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Hatoyama's Okinawa flip-flop

Okinawa Marine base reversal hurts the PM. A foot-and-mouth outbreak hits a prized beef region. A spaceship attempts the first interplanetary solar-powered flight. GDP grows, but so does debt. Plus, more Sumo trouble, and beards are out in Isezaki.

Top News: Japan is considering fresh sanctions against North Korea, after the impoverished communist state’s sinking of a South Korean naval vessel, killing 46, has raised tensions across the region.

Hilary Clinton’s hastily-arranged four-hour stop in Tokyo may have been designed to show solidarity with Japan, but left nobody in any doubts as to U.S. priorities, with the rest of her week-long trip being spent in South Korea and China. Talks on May 21 with Japan’s Foreign Minister Katsuya Okada covered the response to North Korea and the relocation of the U.S. Marine base in Okinawa.

Two days later Prime Minister Yukio Hatoyama finally decided on moving the base to another location within Okinawa, in what is being seen as an embarrassing backpedal after months of prevarication. During last years election campaign, Hatoyama had promised the base would be moved off the island, and possibly outside Japan. His actions have drawn fire from the media and opposition, but praise from the U.S. Secretary of State. The issue may be the final straw for his troubled premiership.

One of the reasons for opposition to the bases has been crimes by military personnel. A Marine who robbed and injured a taxi driver is the first U.S. serviceman to stand trial under Japan’s jury-like lay judge system. Anyone thinking the introduction of the system last year might have reduced the 99 percent-plus conviction rate in criminal trials was sorely mistaken. In the 500 or so trials conducted so far under the new system, every verdict has been guilty. 

In other news, an outbreak of foot-and-mouth disease in the Miyazaki area that produces some of the country’s most prized beef is seeing thousands of livestock slaughtered, including 49 prized seed bulls.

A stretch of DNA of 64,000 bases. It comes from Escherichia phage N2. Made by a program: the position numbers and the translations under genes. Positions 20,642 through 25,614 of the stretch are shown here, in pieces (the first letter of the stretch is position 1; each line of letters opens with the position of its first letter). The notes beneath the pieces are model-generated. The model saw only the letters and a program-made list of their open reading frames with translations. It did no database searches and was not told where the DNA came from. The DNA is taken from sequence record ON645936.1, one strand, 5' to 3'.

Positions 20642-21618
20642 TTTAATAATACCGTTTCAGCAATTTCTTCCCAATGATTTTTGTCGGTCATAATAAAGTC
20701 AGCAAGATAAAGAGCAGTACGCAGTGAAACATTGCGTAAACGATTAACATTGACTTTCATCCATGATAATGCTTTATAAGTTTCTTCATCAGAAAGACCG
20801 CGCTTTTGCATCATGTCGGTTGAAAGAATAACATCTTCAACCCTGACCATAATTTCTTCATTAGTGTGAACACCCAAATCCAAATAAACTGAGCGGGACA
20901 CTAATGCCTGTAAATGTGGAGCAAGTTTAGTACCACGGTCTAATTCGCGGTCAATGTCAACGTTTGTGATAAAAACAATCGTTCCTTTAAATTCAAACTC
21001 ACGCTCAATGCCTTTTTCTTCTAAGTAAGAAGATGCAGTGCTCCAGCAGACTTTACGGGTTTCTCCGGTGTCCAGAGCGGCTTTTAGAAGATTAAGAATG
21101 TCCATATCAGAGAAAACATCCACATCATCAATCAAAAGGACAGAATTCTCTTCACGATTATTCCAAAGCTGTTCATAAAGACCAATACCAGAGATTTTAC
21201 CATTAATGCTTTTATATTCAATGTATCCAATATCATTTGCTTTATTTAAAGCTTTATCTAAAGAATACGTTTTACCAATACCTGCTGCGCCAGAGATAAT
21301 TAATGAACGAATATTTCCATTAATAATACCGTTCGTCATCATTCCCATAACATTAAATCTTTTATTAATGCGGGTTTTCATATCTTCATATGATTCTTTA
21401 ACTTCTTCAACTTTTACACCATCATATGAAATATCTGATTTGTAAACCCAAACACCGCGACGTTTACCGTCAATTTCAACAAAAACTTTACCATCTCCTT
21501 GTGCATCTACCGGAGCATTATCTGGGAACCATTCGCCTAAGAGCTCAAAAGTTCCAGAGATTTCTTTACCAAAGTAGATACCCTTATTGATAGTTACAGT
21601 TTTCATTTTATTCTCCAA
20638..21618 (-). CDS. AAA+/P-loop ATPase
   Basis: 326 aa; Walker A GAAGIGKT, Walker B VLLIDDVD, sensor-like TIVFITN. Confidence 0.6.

A Tokyo civic group ran an electric car for 27.5 hours for a world record distance of 1,003 kilometers (623 miles) on one charge of a Sanyo lithium-ion battery. 

Meanwhile, the 11th consecutive successful launch using the H-IIA rocket, developed by Mitsubishi Heavy Industries, took off from the southern island of Tanegashima. It carried into space the AKATSUKI Venus climate observer satellite and five smaller vessels as well as the seminal IKAROS solar-powered craft which will also make its way towards Venus, the first attempt at interplanetary travel using only power from the sun.

Money: The economy continues to improve, with GDP showing strong growthalbeit after some sharp contraction during the recession. The outlook is still far from all rosy, and deflationary worries continuing with average wages having fallen a record 3.3 percent last year, the third consecutive annual drop.

Despite the uptick, public finances continue to deteriorate to mind-bogglingly bad levels unseen anywhere outside Zimbabwe. Finance Minister Naoto Kan's apparently modest goal of preventing the issuance of new government bonds in fiscal 2011 from exceeding this year’s record 44.3 trillion yen ($477.78 billion) is seen by many as an impossibility.  

Japan Post, the nationalized savings institution which is effectively the world’s largest bank, with assets of 190 trillion yen ($2.1 trillion), has been sharply increasing its holdings of foreign government bonds, including U.S. Treasury bills. Still, eighty percent of its holdings are still low-yielding Japanese Government Bonds. U.S. and E.U. officials are unhappy that plans for Japan Post’s privatization have been reversed by the new government. However, the government can’t afford to forgo the deposits through the huge quantities of bonds Japan Post purchases. 

Growth in the ASEAN block of Southeast Asian countries continues to be a key factor in economic recovery for Japan, while growing numbers of increasingly rich Chinese tourists are boosting regional economies. The government plans to relax visa rules to allow Chinese tourists with lower incomes to visit Japan.

Although all eight of Japan’s largest carmakers returned to the black in fiscal 2009 (which ended in March 2010), Toyota’s woes aren’t over as it was forced to announce another domestic recall, this time for its luxury Lexus brand.

Elsewhere: The (official) national sport of Sumo, with its ancient traditions and strict etiquette, is taking more hits to its image with allegations that a top wrestler has been involved in illegal mob-run gambling on baseball (the unofficial national sport — baseball, that is, not illegal mob-run gambling.) Kotomitsuki, holder of the second-highest rank, Ozeki, denies allegations that he is being blackmailed by organized crime elements over heavy gambling debts.

That’s not the only news besmirching the Sumo world. Asashoryu, the former Yokozuna grand champion, was questioned by police over allegations that he assaulted a man while on a drunken rampage in January. The incident is said to have occurred during the Tokyo winter tournament, which Asashoryu won. He retired soon afterwards as a result of the latest allegations in his troubled, though hugely successful, career.

The government of Isesaki City in central Japan has decreed that beards will not be tolerated on municipal workers. ‘‘Some citizens find bearded men unpleasant, so beards are banned,’’ according to an internal notice.

Even though average spending increased on weddings last year, despite the brutal recession, new “smash the rings” divorce ceremonies have also found themselves a market niche.